Daily Prompt – Object Lesson

Sherlock Holmes had his pipe. Dorothy had her red shoes. Batman had his Batmobile. If we asked your friends what object they most immediately associate with you, what would they answer?

That’s easy – my phone! The very piece of technology I’m using to answer this question!

My phone is my lifeline to the outside world.

Farming and particularly dairy farming can be isolating. A friend of mine posted on Facebook the other day “Dairy farming – ruining social lives since forever!”

The long hours and the need to be there 24/7/365 puts a dampener on most outings. Just as you settle in you need to go home to milk. By the time you’re done you’re too tired to bother and you know you have to get up in the morning and do it all again.

So my social life is really social media!

I discovered Facebook a long time after my friends did. I’m still not convinced, but it has its place.

Twitter has been my true savior! I have found kindred spirits there I would never have known existed. There’s a different type of person on Twitter, but how and why I can’t tell you. It suits my because I think that’s how I talk. 140 characters, straight to the point.

Twitter is where I’ve learnt about dairy farms in different parts of Australia and the world, discovered activism and most importantly found out what a blog was!

Its where I found my ‘home’.

Its the place that I can go for a serious conversation about the goings on in the world or find some bubblegum for my mind.

I have met some of the people I ‘know’ on Twitter. The most extraordinary thing is its like we’ve known each other for years. Its something I’ve written about before.

I do talk to people I know! I text a lot. By a lot I mean A LOT! Its how I and my busy friends get our information out in a way that doesn’t impose. I can ask a question, make a statement, invite or just update in a way that doesn’t stop my friends from doing whatever it might be they’re doing. They can answer when they’re ready. Also gives people time to think before they answer.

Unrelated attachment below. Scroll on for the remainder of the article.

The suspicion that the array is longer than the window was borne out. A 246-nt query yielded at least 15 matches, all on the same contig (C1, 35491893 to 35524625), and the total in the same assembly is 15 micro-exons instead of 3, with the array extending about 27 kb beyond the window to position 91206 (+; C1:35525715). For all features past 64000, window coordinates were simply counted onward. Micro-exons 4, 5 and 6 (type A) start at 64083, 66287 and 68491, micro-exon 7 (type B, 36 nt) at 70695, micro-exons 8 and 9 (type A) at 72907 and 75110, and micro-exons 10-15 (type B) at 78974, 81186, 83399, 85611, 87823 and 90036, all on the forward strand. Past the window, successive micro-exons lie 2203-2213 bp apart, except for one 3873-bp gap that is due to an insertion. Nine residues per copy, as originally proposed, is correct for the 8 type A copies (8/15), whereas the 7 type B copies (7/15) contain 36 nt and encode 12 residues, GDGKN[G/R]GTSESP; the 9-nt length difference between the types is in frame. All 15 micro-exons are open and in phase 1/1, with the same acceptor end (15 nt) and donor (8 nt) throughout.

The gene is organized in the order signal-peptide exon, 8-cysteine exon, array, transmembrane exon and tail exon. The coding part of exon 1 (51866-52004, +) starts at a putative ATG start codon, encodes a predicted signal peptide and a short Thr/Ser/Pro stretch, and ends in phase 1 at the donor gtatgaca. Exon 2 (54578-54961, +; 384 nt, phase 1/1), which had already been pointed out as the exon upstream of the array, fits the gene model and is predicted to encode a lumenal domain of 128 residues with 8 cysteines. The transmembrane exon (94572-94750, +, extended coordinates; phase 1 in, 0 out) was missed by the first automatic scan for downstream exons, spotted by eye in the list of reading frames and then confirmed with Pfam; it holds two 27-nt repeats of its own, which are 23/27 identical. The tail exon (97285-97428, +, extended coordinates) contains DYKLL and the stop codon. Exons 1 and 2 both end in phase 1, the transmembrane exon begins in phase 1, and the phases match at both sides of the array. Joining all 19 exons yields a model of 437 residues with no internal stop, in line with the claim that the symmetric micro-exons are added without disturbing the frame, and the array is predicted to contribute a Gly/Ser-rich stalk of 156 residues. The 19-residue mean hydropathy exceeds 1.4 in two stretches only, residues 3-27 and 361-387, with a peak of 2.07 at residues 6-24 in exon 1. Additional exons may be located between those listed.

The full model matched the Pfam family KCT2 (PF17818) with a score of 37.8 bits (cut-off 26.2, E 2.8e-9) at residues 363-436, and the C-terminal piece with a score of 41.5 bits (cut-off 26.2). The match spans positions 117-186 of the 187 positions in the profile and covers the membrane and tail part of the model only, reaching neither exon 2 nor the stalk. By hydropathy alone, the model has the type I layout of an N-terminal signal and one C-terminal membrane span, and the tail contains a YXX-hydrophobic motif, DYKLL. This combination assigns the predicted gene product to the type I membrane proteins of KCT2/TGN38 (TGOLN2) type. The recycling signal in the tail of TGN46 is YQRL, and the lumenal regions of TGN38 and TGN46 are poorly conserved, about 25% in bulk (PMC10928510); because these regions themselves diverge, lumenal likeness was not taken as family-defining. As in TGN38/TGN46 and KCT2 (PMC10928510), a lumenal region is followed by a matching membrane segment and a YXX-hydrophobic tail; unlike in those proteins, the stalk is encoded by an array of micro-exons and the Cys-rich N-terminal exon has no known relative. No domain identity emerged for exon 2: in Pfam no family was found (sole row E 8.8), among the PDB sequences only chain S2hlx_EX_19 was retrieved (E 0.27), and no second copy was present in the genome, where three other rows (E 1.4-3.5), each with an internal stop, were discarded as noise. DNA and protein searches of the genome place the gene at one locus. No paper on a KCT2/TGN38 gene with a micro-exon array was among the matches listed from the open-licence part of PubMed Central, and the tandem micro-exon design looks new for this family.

I do make or take the odd actual voice call too!

Without my phone I’d be lost!

Daily Prompt – Long Exposure

Among the people you’ve known for a long time, who is the person who’s changed the most over the years? Was the change for the better?

I went to an agriculture college after finishing high school. There’s a saying that goes “It takes all types to make up the world” and I’m pretty sure they were all there!

One of the first people I met was Adair.

She had a friendly face, gentle kind eyes, and a welcoming smile.

And she was a little odd.

We were immediate and firm friends.

Adair was from a life of privilege, though you’d never pick it.  Her parents doted on her, she longed for nothing.

Adair was at ag college to learn about farming so she could run the farm daddy had purchased. By farm I mean under 100 acres in the hills behind the Central Coast of NSW.

From the start, Adair had a different view about animal production for food. She was already vegetarian, and would go vegan later in life.

Adair never said ‘I don’t want to know’. She wanted to know everything. Even when the lesson included some distress to the animal, she was there. She did question the why’s and what ifs, but I thought that was great. I had always struggled with castrating male animals, cutting lambs tails off and intensive pig and chicken farms. It was nice to have someone with the same ideas.

But you could explain the reasons behind these practices, and in most cases she’d accept it.

We would do a lot of very strange things together.

One of our favorite things to do was go into town after dairy duty in two day old dairy clothes.

Another was to put her mums maternity dresses on with our work boots or better still rubber boots and go to the pub.

We were always there for each other. She defended my mood swings, I defended her views and vegetarianism.